Understanding place is a significant win for any brand, and I for one want to feel a sense of ownership over the shops I frequent.
The 3 different apartments I have lived in since moving to Atlanta in 2010 have all been within a 3 block radius of the corner of 5th and Myrtle. Midtown is a vibrant area of the city with plenty to offer. The sidewalks and mixed usage make it a neighborhood that is hard to leave. You just can’t beat a good walk up through “the park” over to Trader Joe’s for some goodies. Double points if you checkout in the Piedmont lane. From the High Museum to Grady High School, and from the Fox to Fed, the the assets of Midtown cover an impressive spectrum.
If I could change anything about Midtown, I would (probably hypocritically at some level) want less corporate enterprise and more local establishments. While there is diversity of utility, there seems to be a lack of diversity in stage of companies. L&M Service Market, Empire State South, and Sig Samuels are great examples of places that have their unique mix of age, personality, and charm. Most of the businesses around this area do not fall into that category. Don’t get me wrong, I love Five Guys and Krispy Kreme for sure, but I would trade most of the chain stores and restaurants for ones that felt more inspired and contextualized.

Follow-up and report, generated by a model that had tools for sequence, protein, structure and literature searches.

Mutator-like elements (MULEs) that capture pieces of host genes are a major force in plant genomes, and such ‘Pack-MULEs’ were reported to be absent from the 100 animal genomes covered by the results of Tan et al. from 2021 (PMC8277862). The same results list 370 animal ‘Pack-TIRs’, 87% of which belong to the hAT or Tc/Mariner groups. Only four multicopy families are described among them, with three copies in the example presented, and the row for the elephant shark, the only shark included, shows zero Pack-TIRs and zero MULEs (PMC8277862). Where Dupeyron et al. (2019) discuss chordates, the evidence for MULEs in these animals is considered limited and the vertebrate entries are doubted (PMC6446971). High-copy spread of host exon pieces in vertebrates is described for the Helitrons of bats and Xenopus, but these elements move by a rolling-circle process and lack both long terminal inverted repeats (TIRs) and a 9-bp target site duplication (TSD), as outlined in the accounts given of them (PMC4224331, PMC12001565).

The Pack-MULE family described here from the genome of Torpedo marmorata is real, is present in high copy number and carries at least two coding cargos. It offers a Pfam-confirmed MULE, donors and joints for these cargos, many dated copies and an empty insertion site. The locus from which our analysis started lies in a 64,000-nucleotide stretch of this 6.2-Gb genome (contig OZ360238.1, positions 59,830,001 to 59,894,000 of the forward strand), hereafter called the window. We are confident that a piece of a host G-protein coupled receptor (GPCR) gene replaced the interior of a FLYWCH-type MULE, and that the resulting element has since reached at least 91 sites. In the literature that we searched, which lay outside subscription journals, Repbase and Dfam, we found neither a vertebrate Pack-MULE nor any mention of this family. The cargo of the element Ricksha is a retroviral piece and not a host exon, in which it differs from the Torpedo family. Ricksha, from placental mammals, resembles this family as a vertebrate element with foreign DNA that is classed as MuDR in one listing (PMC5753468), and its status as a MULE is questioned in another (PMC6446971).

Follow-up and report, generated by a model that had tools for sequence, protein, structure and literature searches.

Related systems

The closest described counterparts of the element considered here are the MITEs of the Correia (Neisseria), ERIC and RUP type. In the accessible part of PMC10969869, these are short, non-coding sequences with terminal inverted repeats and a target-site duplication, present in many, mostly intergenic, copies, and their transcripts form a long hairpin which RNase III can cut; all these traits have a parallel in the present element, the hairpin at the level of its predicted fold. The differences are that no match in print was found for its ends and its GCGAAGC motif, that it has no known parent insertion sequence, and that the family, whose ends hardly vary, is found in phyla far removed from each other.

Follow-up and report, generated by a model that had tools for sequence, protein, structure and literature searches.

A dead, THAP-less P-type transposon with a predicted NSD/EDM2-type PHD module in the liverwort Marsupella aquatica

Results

Understanding place is a significant win for any brand, and I for one want to feel a sense of ownership over the shops I frequent. It’s always been a goal of mine to be a “regular.” Midtown is full of opportunity and empty storefronts just waiting for those businesses looking to establish a local following against the cookie cutter, big box brands. And that’s a Midtown that I would be proud to show off and parade around.